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Oh where shall I gae seek my bread .... 


Johann Lamont's parents were Gaelic speaking crofters from the island of Tiree, though she herself was born in Glasgow - on the eve of the 60's counter-culture.  In popular mythology that era required its inhabitants to have indulged in hallucinogenic drugs, sexual and feminist liberation, to be "new left" and anti-war.

How many of these character stereotypes the future Scottish Labour leader aspired to or achieved is anyone's guess, but her speech on the 25th September 2012 against the "something for nothing" society, is miles apart from what could be expected from a child of the radical, agenda shifting and confidence building sixties generation.

Speaking of her island roots, Johann Lamont has done so with real feeling and direct knowledge.  History informs us that these highland and island communities, remote from centres of power, have endured great deprivations over centuries yet retain strong bonds of kinship, determined to ensure that their society survives and is treated with equity and respect. Communities, whose shared values and communal growth, are almost genetically infused throughout the population.

That sense of basic common worth goes wider than highland and island communities.  Throughout Scotland, a sense of social justice, that basic individual human needs, at least, should be universally available has coloured Scottish self-perception as part of a wholly national identity.  It is that national sense of basic compassion towards our fellow citizens with which most in Scotland identify, that Lamont attacked and sought to destroy in her speech.

Her use of Tory leader David Cameron's "something for nothing" phrase, which he deployed as an argument for "reform" of UK welfare benefits, was an indulgence of unfathomable folly. Cameron and the Tories use it primarily to bolster their own electoral, media and business supporters, those who have an ingrained perception that the UK Treasury is haemorrhaging cash to an undeserving, malingering and irresponsible subclass of chav families, steeped in criminal immorality.

It is false, illogical and irrational.

The truth is that spending on welfare, education, social services etc. are always a matter of political priority within the confines of budgetary conditions and public support.

It is simply a fact, that in the face of a planned and severe decline in UK Government spending, the Scottish Government, any Scottish Government has a moral and political duty to reflect the commonly shared values of its population in a way it feels most valuable.

The UK Tory/LibDem Coalition aims to bring down the Welfare bill to around 25% of GDP (through a combination of increased employment, through welfare to work and increased growth)  to the same level as when Blair's New Labour first came to power.

There is nothing here that the Scottish Parliament can do to alter that outcome with the limited powers it has under devolution. It cannot create something out of nothing.

At current levels, spending on welfare needs to increase by around 5% of GDP, through taxation and/or growth.

The Scottish Parliament does not have the "basket" of economic powers under devolution  required to target and balance such revenue income resources and has limited scope, for the same reason, to create the conditions for growth required. It cannot, without such powers create something out of nothing.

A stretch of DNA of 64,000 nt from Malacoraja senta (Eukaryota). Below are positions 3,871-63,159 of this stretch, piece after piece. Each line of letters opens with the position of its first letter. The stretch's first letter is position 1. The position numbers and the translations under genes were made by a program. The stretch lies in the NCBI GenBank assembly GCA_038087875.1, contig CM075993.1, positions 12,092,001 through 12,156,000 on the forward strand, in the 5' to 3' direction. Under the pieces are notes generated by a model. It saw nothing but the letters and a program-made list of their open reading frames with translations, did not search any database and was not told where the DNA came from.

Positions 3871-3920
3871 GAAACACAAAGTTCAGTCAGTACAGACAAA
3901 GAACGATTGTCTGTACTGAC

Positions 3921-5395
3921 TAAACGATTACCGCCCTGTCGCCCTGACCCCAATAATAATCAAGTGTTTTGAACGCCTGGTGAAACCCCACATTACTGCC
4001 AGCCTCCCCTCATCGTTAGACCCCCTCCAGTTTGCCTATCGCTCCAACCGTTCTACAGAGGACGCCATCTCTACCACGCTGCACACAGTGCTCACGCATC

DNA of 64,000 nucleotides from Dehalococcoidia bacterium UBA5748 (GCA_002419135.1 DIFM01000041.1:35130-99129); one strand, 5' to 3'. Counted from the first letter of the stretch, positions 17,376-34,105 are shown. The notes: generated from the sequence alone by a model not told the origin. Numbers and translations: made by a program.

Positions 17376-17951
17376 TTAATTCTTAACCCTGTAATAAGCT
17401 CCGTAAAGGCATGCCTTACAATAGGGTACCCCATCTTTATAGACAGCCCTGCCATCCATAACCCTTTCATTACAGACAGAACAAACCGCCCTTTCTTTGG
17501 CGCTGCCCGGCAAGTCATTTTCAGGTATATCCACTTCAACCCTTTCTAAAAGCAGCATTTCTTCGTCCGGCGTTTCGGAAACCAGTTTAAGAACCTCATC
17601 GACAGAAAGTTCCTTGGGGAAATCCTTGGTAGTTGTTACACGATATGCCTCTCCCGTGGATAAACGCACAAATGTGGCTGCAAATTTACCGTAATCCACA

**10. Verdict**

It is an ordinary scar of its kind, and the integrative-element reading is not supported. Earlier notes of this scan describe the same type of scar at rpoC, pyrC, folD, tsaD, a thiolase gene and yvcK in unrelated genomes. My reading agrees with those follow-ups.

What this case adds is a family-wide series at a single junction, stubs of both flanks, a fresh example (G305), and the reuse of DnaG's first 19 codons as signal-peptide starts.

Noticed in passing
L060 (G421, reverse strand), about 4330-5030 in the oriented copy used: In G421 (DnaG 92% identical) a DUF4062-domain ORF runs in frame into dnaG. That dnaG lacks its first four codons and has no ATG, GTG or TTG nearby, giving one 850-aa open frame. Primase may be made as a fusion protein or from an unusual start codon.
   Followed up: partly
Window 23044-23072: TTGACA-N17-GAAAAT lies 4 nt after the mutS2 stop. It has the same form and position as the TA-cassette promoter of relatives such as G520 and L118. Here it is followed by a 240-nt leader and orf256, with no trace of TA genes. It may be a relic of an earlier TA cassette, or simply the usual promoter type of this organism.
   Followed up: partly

Johann Lamont, along with many thinkers around the Conservative Party and right-wing of the UK Labour Party, now aligns herself to a view of welfare recipients as being largely an "undeserving poor" or more hysterically and inaccurately, perceives the public coffers being looted by an army of millionaires and billionaires seeking free NHS prescriptions at the expense of "ordinary" citizens.

Neither extreme is realistic or true.

The 2001 CAB report into prescription charging, which informed the SNP Scottish and Labour Welsh Governments decisions to introduce free medicine at point of delivery, demonstrated the real cost to the NHS in prescription charging.  28% to 50% of low income patients struggled to afford charges and either went without completely or partially due to cost.  This resulted in greater treatment costs and stress demand to the NHS.

The Welsh review of "free" prescription charges demonstrated a declining cost of medicines prescribed despite an (as expected) increase in uptake. 

What this does not demonstrate, as Lamont alludes, is that more richer people are benefitting at the expense of the “needy”, but that with universal uptake, an investment is being made by society to meet health demands which were previously going untreated  and therefore producing greater cost overall to the Health Service.  

Theses “freebies” paid for by all taxpayers (including  low, medium and high income earners, as well as benefit recipients) are certainly not “free”.  They are the demonstration of what value a society places on its citizens, all its citizens.

In her speech on 25th September 2012, Johann Lamont in attacking those shared values,  using the Tory mantra against a “something for nothing” class, chose, unwittingly perhaps, to break with that ethos which has characterised the shared aspirations of the people and nation of Scotland.

In so clumsily discarding that national bond as "something for nothing", I ask Johann Lamont ..... Oh where shall I gae seek my bread ... ?

 


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